On Fri, 2003-04-11 at 12:14, Derek Glidden wrote:
> (in the meanwhile, I've gone and made a Linux software-RAID5 box in the
> lab to play with)
> On Fri, 2003-04-11 at 12:26, Christian Guggenberger wrote:
> > > "block units" and then in "bytes." So if I have made a RAID volume with
> > > 64K stripes, should I specify a su value of 128? (128*512 = 64K)
> > >
> > no, su=64k _or_ sunit=128 !
> > > data disks in a RAID device." So I take this to mean that if I have 8
> > > disks in a RAID5, my "sw" parameter is "8"?
> > >
> > having an 8 disk RAID5, you'll need swidth=(8-1)*sunit (=896 for your
> > example) - if I remember some
> > posts about that topic correctly.( a 8 disk RAID5 has 7 "data" disks in that
> > term)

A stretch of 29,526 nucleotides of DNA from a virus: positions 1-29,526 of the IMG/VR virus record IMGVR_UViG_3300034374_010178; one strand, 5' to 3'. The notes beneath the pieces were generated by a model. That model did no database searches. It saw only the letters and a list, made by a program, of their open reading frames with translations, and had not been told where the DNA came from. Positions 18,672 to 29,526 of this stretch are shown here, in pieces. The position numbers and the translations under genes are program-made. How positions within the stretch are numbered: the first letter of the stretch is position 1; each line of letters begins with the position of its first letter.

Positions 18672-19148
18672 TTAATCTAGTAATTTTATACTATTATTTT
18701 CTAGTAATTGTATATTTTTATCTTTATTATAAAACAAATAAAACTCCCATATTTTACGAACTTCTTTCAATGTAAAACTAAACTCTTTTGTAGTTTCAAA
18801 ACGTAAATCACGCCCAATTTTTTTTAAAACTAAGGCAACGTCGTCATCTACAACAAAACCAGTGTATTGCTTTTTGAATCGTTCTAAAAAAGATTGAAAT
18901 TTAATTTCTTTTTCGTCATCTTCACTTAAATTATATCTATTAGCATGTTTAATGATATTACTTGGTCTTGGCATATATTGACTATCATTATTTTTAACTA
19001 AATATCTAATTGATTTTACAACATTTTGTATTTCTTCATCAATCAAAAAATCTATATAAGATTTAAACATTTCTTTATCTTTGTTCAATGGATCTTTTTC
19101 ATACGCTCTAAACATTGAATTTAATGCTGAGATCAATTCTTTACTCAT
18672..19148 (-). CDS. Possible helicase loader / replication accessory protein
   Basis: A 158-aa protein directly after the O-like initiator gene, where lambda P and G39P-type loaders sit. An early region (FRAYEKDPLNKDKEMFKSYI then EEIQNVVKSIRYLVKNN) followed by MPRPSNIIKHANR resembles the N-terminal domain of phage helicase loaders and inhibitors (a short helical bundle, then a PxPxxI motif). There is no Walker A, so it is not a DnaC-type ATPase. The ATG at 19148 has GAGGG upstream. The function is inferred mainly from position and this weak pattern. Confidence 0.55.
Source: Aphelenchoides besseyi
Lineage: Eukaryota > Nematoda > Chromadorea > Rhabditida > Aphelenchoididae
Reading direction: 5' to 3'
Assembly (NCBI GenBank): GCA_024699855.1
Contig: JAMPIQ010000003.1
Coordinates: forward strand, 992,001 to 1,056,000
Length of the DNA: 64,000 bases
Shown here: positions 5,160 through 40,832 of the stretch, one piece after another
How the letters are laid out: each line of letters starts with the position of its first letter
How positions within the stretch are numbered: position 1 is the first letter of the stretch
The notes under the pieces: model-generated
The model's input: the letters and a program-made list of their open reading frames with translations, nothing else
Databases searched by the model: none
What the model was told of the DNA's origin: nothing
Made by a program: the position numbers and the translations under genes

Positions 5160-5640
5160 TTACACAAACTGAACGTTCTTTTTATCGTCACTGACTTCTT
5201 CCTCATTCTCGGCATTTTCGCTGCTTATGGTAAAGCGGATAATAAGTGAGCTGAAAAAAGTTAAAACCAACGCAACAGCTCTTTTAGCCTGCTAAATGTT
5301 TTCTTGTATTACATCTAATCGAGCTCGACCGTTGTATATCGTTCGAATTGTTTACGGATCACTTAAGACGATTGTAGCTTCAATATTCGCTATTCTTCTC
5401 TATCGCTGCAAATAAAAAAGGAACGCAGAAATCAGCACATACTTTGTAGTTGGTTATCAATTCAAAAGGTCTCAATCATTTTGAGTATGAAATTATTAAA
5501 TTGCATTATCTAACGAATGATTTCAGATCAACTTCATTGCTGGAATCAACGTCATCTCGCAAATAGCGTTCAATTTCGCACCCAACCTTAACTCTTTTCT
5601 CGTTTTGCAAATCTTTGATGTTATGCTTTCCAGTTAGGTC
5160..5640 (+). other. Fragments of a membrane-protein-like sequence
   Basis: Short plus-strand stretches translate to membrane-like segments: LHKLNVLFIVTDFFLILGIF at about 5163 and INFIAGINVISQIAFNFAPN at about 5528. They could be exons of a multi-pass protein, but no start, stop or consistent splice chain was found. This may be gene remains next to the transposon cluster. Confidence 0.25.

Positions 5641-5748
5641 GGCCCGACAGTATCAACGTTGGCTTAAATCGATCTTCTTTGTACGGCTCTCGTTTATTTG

> It gets even more confusing when I do:
> # mkfs -d sunit=128,swidth=384 /dev/md4
> on software RAID5 with 4 disks and 64k stripes, and the status screen
> data = bsize=4096 blocks=84286944,
> = sunit=16 swidth=48 blks,
> since it apparently displays the "sunit" and "swidth" values in terms of
> XFS blocks, which are 4096 bytes each....
> Thankfully, "mkfs.xfs" with no options Just Does The Right Thing on this
> machine, and sets sunit and swidth correctly when it makes the
> filesystem. :) (Though it might be different with hardware RAID...)
All the output units are in fsblocks, on the mkfs command line it does
not know what you blocksize is all the time.
Steve Lord voice: +1-651-683-3511
Principal Engineer, Filesystem Software email: lord@xxxxxxx